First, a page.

Carutsel: From Concept to Creation
Published: October 17, 2023
In this exclusive interview, we delve into the journey of a rising Armenian fashion designer Anaheed Sarian, as she shares the inspiration behind her unique project, Carutsel. From international experiences to local insights, discover the nuances of the fashion scene in Armenia and the aspirations of the creative entrepreneur in the making.
Carutsel stands as a notable participant in the Artbox Incubator program.
A: Carutsel was indeed a concept before it became a body of work. “Կառուցել” (carutsel) - the Armenian word for constructing or building stood out to me because I not only deconstruct existing textiles but I then form new futures with them. This speaks to my overall beliefs about living in Armenia as a repatriate, it is about harnessing collective power and building without overlooking anything around us in the quest to fortify our homeland.
The word ‘carousel’ is also blended within this, as the more personal side of the story where life itself takes us for a ride each day, and what we dress ourselves in becomes the tangible embodiment of memories and stories.
I moved to Armenia with the intention of establishing my namesake label here, and when the Artbox program for 2022 was announced, I took the leap and got started. It was scary and still is because a small business needs all of your time and resources to maintain a successful future - but I believe that if I can persevere through this fledgling stage, then I'm setting myself up for the "long game" and that type of challenge really excites me.
A: My experience working in ateliers and studios in Gyumri, as well as networking with the fashion community in Yerevan, has shown me that there is a missing link in the chain.
Globally, you need to pay a lot of attention to what your peers and competitors are doing on a seasonal basis, whether that be through trends, sales, marketing strategy, etc. After all every industry has its ecosystem and brands exist alongside each other. There is no such thing as having the full attention of your client and no background noise from elsewhere. So coming back to the local industry, many makers and producers here are highly skilled and experienced, especially older generations who worked throughout the soviet era. However, I rarely hear a lot of sellable stories. Armenians love to create, we are innately crafty people on many levels, but in order to be more included in the global fashion industry we need to have strong reasons behind what we are presenting. That is why I'm very grateful for my background in design theory and concept development and I hope to see local universities and tertiary educators in Armenia adding this into their practical syllabus.
A: YBAF's fashion award event was my first runway show in Armenia. It was actually one of my short-term goals to showcase at Latitude Art Space so to have had that happen already feels great! It also allowed me to meet other emerging designers and interdisciplinary creatives.
We heard many times during and after the show process that we, 5 participants, produced what Yerevan Fashion Week lacked. It seemed to prove that there is a lot of talent in this country that needs a platform. YBAF gave us a chance to be visible without financial input - all the models, lighting, makeup, sound, hair artistry, etc, these are normally huge costs and we got access to them for free which is a huge privilege! I also loved that we could have a wall presentation to share our process with the audience, so they got to see a connection between our ideas and the final result on the models.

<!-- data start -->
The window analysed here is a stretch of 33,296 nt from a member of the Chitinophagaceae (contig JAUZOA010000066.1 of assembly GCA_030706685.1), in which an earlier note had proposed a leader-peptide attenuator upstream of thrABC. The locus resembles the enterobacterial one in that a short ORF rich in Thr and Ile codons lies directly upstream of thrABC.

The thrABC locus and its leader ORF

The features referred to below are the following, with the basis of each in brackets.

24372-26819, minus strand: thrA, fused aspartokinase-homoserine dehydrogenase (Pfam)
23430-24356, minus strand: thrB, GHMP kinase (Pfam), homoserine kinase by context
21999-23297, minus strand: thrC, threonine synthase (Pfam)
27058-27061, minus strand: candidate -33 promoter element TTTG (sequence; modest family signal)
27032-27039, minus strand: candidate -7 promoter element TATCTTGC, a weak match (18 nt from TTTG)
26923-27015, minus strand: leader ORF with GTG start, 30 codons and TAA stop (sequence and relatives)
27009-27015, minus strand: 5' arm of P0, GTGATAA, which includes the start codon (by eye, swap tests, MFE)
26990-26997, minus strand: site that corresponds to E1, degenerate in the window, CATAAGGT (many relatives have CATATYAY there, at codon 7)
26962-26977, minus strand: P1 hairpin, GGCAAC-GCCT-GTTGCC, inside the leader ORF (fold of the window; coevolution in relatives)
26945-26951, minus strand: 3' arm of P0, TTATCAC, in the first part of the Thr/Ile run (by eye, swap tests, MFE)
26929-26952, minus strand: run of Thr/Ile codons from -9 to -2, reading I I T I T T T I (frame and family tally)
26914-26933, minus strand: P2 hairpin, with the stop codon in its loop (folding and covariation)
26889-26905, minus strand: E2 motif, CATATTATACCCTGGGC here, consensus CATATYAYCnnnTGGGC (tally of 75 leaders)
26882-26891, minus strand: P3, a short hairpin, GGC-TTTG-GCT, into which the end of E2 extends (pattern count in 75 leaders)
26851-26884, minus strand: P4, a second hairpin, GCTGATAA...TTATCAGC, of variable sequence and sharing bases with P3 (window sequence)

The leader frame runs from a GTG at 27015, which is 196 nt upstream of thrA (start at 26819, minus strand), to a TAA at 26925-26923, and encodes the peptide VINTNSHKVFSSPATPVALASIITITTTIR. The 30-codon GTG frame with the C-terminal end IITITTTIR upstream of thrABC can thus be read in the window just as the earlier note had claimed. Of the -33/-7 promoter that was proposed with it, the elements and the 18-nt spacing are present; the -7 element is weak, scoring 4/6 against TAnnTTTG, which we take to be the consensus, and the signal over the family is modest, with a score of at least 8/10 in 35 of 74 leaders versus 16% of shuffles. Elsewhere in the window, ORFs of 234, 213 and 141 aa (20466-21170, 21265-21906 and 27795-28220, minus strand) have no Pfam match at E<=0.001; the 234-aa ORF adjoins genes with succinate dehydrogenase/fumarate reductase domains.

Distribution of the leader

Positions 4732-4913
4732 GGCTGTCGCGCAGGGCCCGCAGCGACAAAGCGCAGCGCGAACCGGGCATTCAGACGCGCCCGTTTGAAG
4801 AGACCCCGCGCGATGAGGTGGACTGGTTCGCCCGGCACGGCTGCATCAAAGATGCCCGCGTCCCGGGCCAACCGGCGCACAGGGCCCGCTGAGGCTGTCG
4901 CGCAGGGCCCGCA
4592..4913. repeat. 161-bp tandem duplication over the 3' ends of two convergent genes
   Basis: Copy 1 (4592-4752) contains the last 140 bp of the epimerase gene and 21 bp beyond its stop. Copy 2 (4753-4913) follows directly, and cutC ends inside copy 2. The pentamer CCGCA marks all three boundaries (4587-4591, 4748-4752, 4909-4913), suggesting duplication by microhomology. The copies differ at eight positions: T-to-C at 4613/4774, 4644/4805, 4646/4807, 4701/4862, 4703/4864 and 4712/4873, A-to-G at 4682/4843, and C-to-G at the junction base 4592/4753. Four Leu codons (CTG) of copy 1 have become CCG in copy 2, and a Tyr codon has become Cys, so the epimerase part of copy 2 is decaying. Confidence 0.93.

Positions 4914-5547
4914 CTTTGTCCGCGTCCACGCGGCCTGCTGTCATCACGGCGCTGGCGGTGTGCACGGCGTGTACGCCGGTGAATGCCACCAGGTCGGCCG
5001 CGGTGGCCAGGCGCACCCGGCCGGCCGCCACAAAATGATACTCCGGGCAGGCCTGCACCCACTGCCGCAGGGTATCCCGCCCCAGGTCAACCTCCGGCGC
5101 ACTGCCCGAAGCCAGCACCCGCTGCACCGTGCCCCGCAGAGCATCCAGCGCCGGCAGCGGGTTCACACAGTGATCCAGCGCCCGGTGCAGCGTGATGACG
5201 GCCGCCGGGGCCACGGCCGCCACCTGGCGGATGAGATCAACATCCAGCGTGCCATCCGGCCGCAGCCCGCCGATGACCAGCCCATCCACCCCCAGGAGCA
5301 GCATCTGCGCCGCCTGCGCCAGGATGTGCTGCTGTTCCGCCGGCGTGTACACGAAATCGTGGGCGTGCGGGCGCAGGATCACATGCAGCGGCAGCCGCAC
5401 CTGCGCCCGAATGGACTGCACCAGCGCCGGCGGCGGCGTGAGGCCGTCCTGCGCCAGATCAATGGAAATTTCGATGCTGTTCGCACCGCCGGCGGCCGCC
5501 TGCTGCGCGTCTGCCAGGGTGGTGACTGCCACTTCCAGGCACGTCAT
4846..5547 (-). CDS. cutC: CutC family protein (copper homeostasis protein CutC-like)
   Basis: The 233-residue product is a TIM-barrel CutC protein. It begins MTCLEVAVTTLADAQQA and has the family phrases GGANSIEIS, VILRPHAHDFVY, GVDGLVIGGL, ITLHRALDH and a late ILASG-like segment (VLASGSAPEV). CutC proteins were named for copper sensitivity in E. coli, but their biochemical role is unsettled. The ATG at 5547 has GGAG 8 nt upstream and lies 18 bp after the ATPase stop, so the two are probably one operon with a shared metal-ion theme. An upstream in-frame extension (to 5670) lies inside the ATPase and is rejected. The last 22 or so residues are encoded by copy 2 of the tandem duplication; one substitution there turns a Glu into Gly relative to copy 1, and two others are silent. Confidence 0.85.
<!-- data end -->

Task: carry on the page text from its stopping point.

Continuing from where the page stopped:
Ultimately I felt very in my element, as I love to branch out of the traditional runway approach and hope to have my own static exhibition someday at another beautiful venue in Armenia.
Carutsel showcase at Latitude Art Space during YBAF Fashion Award 2023
A: For my brand, I can say that the future absolutely must include some funding, so I'm also trying to apply for grants and win whatever competitions I come across. I've reached the limit of what I can produce with the resources I already have. I need to be able to finance contractors and employees to take over the parts of the brand that I can't juggle on my own such as social media, technical support on tailoring, and so on.
In the meantime, I'm working on developing relationships with various stores that reach the people I'm designing for. There are some exciting new opportunities arising in that department and it's really encouraging to see the demand for more boutiques to open up and house brands like mine.
I participated in a few KET markets so far and I think in general, this is a time in post-COVID and post-war Armenia, where we are seeing a huge uprising of grassroots efforts to uplift makers, artisans, and craftspeople countrywide. I'm grateful to be here and bear witness!
A: My takeaways from the program are pretty similar to my sentiments about industries being ecosystems. I really encourage both old and new Artbox participants, and certainly, anyone who has the honor of being included in the wider Creative Armenia and AGBU global community - to work together, make sure to collaborate, and keep in touch. Peers who frequently engage and value network maintenance benefit their projects. We cannot achieve anything of real substance alone, and I am truly blessed by the individuals who have linked arms with me on my pilgrimage into building an Armenian company, as well as the Artbox program for boosting my skills and unlocking potential.
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Artbox begins accelerating 12 creative businesses in Armenia
Creative businesses, from music studios to fashion brands and beyond, will boost their growth through Artbox Accelerator program and up to 7 of them will be funded up to €30,000 grants for growth